Monday, March 24, 2008

Do You Like Hills?

My 10 mile PB is slow in comparison to most of the rest. For some reason I only ever manage to fit in hilly 10 milers. I do flat halves, and tear my 10 mile PB to bits in the process, but I can never manage to get to flat 10 milers like St Annes or Snake Lane.

I thought I'd found one. In Lancashire, not too far from Blackpool. I signed up, then found out it was hilly.

I got to the start. Someone asked me whether I'd done it before. I said no. In a concerned voice, they asked "do you like hills?". It worried me slightly when I saw runners from scary clubs like Keswick turning up. They like their hills up there, that's for sure.

The weather wasn't great either. A bit of everything, with an honourable mention for the gale force winds and hail parts of proceedings.

The first 2 miles were great. A few uphills, but mainly down. And the wind must have been behind us. Then it started going up, but I was still mocking. Is this what Lancastrians call a hill, I thought? After 5 miles we still seemed to be going up. I was getting a bit sick of it, but thinking that while it was a long slog, at least there weren't any really steep bits.

Then we got to the really steep bit. I may have given the Lancys some credit at this point, but I consoled myself that we must start going down soon. And indeed we did, a nice downhill. The only problem was that you could see the people further ahead going uphill on the other side of the valley. That hill at 8 miles wasn't horribly steep, but it was at the point in the race when you'd rather not head back uphill again.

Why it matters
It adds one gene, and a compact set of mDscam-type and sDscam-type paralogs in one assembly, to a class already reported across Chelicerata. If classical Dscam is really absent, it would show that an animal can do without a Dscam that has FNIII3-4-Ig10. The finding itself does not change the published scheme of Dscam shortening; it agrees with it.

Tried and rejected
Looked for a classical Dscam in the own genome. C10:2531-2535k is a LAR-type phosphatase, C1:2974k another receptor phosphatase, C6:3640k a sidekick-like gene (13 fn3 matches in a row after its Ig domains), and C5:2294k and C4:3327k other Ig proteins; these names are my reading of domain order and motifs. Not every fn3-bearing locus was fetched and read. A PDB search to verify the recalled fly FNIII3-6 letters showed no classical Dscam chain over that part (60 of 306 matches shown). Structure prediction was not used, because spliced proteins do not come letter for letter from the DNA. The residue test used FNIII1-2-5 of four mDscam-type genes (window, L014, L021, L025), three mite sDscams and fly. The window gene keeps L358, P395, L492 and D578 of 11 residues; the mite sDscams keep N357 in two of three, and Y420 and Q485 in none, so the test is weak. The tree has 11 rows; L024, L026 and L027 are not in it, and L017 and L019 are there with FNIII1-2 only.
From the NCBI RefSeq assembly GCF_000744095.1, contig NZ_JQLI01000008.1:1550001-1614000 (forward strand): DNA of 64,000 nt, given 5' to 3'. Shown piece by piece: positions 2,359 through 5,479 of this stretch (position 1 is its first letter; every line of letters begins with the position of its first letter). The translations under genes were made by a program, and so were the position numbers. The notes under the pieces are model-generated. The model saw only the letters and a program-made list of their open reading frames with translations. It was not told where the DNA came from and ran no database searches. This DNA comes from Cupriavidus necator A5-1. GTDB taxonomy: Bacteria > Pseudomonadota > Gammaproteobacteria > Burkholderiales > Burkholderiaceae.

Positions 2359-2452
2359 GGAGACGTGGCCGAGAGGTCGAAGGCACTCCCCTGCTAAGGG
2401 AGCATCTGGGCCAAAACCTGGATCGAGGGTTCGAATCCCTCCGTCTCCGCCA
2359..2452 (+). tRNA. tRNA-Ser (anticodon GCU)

And finally downhill to the finish. It was a net downhill course, but there were plenty of undulations between the start and the end (they joked at the start that it was "fast, flat and accurately measured". Judging by the laughter, no-one expected it to be any of them - although my Garmin made it spot on 10 miles at the finish). I actually managed to collide with someone at the finish. At the end he was doing a bit more of a sprint than I was, and didn't expect me to lift my elbow as I reached for my other wrist to stop my Garmin on the line. He ran straight into it. In the results we were on exactly the same time, but they put me first. Yay!

It was a PB by about 7 minutes in the end, which says more about my previous 10 milers than about that course. I've still done faster over 10 miles in a half marathon, but at least there's a bit less of a discrepancy now.


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